Five members of the U.S. Women’s National Soccer Team (USWNT) filed a federal complaint today against the U.S. Soccer Federation for wage discrimination.
The five players—Carli Lloyd, Alex Morgan, Megan Rapinoe, Becky Sauerbrunn, and Hope Solo—filed the complaint with the Equal Employment Opportunity Commission on behalf of their entire team. They charge that even with the women’s team success, including being the reigning World Cup and Olympic champions, they have been paid almost four times less than the men’s team. According to the filings, despite bringing in nearly $20 million more in revenue than their male counterparts, the women are paid nearly four times less.
“The numbers speak for themselves,” Solo said. “We are the best in the world, have three World Cup championships, four Olympic championships, and the U.S. Men’s National Team (USMNT) get paid more to just show up than we get paid to win major championships.”
That the team is successful cannot be disputed. Even Sunil Gulati, the U.S. Soccer Federation President noted that after the team won the FIFA Women’s World Cup that “no international team in the world was as dominant as our Women’s National Team.” During the final game, according to Gulati himself, “more than 25 million people tuned in for the epic contest, making the final the most watched soccer game – men’s or women’s – in U.S. television history.”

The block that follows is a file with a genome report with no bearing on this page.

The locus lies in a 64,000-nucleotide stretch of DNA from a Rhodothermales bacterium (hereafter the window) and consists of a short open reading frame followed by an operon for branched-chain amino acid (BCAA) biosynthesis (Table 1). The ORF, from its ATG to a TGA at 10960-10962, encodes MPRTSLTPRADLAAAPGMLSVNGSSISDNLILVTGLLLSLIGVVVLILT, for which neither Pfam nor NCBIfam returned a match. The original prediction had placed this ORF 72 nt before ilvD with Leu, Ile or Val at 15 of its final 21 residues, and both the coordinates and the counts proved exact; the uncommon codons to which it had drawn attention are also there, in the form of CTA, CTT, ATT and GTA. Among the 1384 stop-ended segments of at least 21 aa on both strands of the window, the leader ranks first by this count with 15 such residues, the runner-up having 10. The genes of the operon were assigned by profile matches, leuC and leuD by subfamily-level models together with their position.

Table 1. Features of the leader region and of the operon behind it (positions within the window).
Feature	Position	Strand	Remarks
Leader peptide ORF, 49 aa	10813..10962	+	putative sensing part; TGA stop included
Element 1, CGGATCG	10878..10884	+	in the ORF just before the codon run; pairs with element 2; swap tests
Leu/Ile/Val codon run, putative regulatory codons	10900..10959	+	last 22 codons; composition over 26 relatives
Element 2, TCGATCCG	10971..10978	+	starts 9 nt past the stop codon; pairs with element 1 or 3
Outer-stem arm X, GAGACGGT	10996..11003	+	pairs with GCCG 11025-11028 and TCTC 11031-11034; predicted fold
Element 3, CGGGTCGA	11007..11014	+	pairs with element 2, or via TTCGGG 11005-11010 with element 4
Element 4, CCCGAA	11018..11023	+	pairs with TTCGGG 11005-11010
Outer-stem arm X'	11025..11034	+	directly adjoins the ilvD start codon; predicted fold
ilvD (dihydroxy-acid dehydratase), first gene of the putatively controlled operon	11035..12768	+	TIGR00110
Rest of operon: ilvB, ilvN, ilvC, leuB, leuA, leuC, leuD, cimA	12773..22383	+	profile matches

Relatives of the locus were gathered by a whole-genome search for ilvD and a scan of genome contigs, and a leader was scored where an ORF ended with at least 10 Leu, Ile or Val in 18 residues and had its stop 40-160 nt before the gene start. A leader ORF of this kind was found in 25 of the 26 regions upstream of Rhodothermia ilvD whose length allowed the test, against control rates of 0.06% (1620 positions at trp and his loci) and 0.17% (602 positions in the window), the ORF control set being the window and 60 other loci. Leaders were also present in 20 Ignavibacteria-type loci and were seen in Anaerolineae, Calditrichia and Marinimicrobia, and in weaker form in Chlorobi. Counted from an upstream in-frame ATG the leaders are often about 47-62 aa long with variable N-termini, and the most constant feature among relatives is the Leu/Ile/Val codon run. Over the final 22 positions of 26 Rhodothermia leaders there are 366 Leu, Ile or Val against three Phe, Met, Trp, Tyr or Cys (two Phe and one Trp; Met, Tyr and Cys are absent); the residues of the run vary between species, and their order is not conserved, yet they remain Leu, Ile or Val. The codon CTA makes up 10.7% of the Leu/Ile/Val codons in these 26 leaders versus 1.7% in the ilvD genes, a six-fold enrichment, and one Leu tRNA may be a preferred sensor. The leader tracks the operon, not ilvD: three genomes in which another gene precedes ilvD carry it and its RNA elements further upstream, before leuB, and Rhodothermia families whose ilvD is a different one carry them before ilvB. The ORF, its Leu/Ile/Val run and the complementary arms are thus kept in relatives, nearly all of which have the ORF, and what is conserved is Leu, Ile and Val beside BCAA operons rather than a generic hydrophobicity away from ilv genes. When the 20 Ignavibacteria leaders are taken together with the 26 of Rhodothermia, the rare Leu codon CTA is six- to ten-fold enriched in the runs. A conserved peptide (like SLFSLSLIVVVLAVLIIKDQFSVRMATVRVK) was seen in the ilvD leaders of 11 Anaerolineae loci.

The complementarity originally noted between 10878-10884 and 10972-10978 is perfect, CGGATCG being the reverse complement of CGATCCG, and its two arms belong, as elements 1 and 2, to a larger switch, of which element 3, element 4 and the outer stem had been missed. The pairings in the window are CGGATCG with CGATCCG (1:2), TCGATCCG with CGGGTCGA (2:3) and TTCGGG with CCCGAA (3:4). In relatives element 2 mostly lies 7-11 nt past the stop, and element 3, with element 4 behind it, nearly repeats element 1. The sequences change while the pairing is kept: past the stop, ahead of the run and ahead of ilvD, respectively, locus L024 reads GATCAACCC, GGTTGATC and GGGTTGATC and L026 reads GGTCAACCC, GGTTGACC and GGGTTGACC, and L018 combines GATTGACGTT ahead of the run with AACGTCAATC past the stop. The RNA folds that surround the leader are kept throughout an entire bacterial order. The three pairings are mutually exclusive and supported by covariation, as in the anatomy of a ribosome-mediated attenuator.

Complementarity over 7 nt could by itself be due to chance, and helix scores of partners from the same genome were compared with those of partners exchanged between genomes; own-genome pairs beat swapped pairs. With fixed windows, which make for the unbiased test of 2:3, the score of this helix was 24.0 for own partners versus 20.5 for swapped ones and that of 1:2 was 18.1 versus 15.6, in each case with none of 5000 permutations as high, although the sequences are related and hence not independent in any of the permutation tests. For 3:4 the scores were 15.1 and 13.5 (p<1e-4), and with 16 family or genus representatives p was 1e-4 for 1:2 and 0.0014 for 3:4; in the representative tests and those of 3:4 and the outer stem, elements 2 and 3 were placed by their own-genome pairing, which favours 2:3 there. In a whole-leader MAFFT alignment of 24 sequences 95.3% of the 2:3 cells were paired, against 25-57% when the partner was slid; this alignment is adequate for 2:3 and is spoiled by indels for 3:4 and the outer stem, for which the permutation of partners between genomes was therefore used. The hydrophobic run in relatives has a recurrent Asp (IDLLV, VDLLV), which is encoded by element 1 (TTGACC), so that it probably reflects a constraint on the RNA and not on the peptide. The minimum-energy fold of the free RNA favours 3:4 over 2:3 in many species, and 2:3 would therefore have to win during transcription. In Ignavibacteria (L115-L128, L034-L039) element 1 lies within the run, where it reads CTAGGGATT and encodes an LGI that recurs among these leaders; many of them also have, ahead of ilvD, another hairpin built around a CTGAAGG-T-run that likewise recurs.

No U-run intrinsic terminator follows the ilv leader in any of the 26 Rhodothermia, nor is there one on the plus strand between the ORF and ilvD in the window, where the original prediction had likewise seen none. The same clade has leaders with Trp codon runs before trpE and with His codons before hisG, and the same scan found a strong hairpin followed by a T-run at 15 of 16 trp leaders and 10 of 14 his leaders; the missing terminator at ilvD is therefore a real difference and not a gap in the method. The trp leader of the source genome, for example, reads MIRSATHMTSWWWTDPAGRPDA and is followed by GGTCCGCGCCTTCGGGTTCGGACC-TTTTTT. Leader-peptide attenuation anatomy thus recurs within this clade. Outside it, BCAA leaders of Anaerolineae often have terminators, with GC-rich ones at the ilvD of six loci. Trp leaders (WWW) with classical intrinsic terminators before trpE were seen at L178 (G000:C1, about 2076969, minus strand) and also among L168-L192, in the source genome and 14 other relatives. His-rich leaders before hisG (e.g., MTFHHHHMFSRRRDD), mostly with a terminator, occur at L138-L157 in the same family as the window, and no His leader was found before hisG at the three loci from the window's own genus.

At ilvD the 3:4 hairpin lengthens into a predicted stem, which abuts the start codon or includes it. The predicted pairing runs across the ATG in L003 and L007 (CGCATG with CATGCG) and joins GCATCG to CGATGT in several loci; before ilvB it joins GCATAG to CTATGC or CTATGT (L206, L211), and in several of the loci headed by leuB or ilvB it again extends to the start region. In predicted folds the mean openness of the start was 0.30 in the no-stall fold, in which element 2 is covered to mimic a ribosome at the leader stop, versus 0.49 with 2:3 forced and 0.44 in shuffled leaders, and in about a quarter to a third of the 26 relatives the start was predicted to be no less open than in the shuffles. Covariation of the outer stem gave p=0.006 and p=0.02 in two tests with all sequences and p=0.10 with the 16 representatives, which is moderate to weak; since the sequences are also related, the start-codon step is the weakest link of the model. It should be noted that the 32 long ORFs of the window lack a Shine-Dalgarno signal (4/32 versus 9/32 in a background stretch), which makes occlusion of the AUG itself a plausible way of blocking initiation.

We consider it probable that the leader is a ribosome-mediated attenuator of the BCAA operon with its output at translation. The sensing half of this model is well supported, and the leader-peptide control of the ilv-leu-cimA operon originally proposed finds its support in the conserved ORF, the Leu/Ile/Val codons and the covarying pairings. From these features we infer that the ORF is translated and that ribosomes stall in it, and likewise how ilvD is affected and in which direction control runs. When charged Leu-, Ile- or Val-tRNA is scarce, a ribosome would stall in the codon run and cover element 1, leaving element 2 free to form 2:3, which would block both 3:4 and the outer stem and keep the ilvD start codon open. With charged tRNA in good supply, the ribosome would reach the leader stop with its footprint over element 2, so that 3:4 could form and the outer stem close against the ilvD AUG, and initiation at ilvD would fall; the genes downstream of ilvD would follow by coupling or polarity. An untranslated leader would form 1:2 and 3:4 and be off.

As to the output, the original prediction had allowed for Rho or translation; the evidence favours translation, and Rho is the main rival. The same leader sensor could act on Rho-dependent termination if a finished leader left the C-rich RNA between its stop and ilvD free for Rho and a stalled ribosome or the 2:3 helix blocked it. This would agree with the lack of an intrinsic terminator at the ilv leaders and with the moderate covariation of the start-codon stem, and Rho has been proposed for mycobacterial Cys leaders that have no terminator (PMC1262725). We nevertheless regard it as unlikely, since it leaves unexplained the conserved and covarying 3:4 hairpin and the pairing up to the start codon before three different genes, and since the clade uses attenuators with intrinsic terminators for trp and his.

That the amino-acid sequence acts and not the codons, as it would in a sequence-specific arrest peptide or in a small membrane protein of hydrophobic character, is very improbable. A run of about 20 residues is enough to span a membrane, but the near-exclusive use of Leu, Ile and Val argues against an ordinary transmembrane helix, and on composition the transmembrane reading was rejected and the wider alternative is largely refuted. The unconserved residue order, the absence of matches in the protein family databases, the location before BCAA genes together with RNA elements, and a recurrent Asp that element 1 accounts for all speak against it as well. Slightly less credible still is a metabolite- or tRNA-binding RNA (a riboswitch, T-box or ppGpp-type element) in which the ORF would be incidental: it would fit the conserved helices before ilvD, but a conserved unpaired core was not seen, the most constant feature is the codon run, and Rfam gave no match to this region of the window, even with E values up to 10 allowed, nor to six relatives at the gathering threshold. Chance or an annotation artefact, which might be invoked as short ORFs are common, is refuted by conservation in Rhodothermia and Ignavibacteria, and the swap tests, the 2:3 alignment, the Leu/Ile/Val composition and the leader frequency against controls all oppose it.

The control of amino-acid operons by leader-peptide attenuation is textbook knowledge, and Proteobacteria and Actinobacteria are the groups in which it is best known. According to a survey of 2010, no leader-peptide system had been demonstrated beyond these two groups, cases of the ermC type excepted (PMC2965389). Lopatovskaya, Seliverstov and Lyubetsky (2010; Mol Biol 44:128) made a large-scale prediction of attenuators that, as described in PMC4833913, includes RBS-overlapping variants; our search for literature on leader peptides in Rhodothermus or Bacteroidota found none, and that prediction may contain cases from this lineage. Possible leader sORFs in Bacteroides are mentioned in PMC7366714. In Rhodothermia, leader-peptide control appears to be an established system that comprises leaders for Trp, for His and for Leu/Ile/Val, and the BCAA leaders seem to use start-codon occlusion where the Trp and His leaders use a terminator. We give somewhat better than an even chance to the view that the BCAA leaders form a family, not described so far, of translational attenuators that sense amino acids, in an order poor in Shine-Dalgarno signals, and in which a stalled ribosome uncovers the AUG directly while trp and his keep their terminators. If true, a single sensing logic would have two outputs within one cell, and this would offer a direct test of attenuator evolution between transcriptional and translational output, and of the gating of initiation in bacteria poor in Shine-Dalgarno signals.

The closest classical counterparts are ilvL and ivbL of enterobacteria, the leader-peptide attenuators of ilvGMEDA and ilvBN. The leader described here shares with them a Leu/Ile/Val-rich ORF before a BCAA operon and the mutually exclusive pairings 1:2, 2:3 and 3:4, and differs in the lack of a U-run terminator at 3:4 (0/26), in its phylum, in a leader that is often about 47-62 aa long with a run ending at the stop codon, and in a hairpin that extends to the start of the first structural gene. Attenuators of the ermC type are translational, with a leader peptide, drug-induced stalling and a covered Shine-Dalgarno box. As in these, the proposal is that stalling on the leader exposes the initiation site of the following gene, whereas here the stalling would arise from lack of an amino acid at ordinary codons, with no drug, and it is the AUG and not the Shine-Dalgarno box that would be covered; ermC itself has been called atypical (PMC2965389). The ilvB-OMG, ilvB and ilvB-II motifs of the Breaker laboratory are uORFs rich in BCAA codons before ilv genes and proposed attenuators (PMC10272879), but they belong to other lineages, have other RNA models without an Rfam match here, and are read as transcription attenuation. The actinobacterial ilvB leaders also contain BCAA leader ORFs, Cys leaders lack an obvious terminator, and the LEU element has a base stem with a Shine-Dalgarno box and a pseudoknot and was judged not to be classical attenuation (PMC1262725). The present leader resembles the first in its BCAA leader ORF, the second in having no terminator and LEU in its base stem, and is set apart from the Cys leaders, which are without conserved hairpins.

Yet, according to data provided by the U.S. Soccer Federation, the teams’ collective bargaining agreements differ drastically. In friendly matches, men are paid between $5,000 and $17,625—even if they lose the match. Women are paid $1,350—and only if they win. The disparity only becomes greater for World Cup qualifying games and the tournament itself.
“These athletes have probably the strongest case for pay discrimination against women that I have ever seen,” said Jeffrey Kessler, the lawyer representing the women in the EEOC case. “Because you have a situation where not only are their work requirements identical to the men’s requirements—the same number of minimum friendlies they have to play, the same requirements to prepare for their World Cups—but they have outperformed the men both economically and on the playing field in every possible way the last two years. So this isn’t a case where someone can come in and say the reason the men are paid more is because they are more economically successful or the men outperform the women or they’re not comparable in the same way.”
The EEOC complaint is the latest escalation between the players and the Federation. The Women’s National Team Players Association—the union representing the women’s team—is currently involved in a legal dispute with the U.S. Soccer Federation regarding the applicability of a collective bargaining agreement. According to Kessler, if the Federation wins the suit, it would “keep in place the discriminatory and unfair treatment [the players] have endured for years.”
For Alex Morgan, the discrimination is not limited just to compensation. “We want to play in top-notch, grass-only facilities like the U.S. Men’s National Team,” she said. “We want to have equitable and comfortable travel accommodations, and we simply want equal treatment.”
Although the EEOC will not address the larger issues at play in the collective bargaining lawsuit, it will now carry out an investigation to determine whether or not the U.S. Soccer Federation’s actions warrant compensation for the women players.